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This post comes after our experience sending bikes to Australia but this has also effected several of our EU based backers specifically in Germany where they have some very stringent regulations on electric bikes and their motor power rating.
You see the EU has written regulations that govern the total power output of motors that are supplied on electric bikes opting to set this limitation at 250w which on the surface may seem like a reasonable power rating and more then enough for the average user as these bikes are strictly meant to 'assist' the rider in getting from a to b. The problem arises however that this limitation is ill conceived for several reasons for example, if one digs deeper into the entire reasoning behind this limitation its really based in the fact that these electric bikes should not provide assist to any rider past a speed limit of 25kph. That is quite fast and depending on the rider weight, there can be a lot of momentum generated for someone traveling at speed considering that the average electric bike weighs in excess of 20kg plus the rider weight. Assuming an average rider weight of 100kg you are looking at approximately 100KN of force being applied if we measure the stopping distance at about 3 cm. This is a huge amount of energy that is transferred into the opposing object, enough to cause serious injury.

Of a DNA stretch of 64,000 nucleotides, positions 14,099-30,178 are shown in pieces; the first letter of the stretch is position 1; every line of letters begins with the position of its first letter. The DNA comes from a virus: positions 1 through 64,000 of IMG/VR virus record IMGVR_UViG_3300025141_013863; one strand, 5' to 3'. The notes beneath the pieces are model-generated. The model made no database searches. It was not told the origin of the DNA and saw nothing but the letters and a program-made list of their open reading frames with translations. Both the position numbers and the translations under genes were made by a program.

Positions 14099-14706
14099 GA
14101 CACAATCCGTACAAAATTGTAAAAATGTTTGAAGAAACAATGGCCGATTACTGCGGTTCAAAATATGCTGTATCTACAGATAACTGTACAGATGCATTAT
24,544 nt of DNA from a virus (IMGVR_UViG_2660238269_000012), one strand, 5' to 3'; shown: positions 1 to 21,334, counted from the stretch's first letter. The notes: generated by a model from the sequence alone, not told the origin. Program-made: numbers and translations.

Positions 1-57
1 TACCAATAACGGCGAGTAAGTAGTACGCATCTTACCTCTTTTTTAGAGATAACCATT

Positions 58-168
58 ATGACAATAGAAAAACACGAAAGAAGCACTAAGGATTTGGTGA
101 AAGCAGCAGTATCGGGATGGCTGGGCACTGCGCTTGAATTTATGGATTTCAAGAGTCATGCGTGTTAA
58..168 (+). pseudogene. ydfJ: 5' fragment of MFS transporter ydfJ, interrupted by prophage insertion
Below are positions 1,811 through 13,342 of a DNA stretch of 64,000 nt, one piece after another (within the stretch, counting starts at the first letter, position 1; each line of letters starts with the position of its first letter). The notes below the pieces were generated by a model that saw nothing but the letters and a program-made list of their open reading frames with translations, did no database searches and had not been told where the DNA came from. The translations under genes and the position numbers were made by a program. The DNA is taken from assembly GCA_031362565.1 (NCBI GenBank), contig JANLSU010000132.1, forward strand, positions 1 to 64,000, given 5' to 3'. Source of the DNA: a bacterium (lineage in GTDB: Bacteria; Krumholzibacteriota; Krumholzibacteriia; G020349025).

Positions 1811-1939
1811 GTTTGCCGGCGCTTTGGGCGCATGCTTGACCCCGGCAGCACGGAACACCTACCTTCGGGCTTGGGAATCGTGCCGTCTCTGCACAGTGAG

The problem is the following, the average person can pedal (without assist) faster then 25kph for short periods and if you look at the amount of assist versus rider weight, you will find that the average professional biker can easily generate 400w or energy on a normal bike. What ends up happening for heavier riders is that there is a severe performance hindrance even on flat terrain not to mention if there are any hills involved.
As has been the case in several instances in the past, the lawmakers are not looking at the real root causes and solutions in order to make riding safer in that what really should be regulated is the max speed while assisted by the power system. A heavier rider on a 500w bike for example may in fact get the same performance during the acceleration phase as a lighter rider would up hills while only on a 250w equipped electric bike.
The power systems can be regulated with internal electronics or the bike computer and the max speed which can be easily tested (as opposed to trying to figure out what watts the motor on the electric bike installed is, if there are no markings on the motor).
As electric bikes are made more mainstream by such companies such as ours that are enabling people whom may not have seen the value proposition at a price of 1500 USD but can easily see the value when the price costs less then 500 USD, the regulations should reflect the desired final outcome instead of imposing limits that negatively effect the user's experience based on factors that were not taken into account such as rider weight.
All Stark Drive bikes include inbuilt electronics that limit the total final speed when being assisted by the electric motor and/or when riding on pure electric power with the use of the Throttle.
CEO, Stark Drive LLC.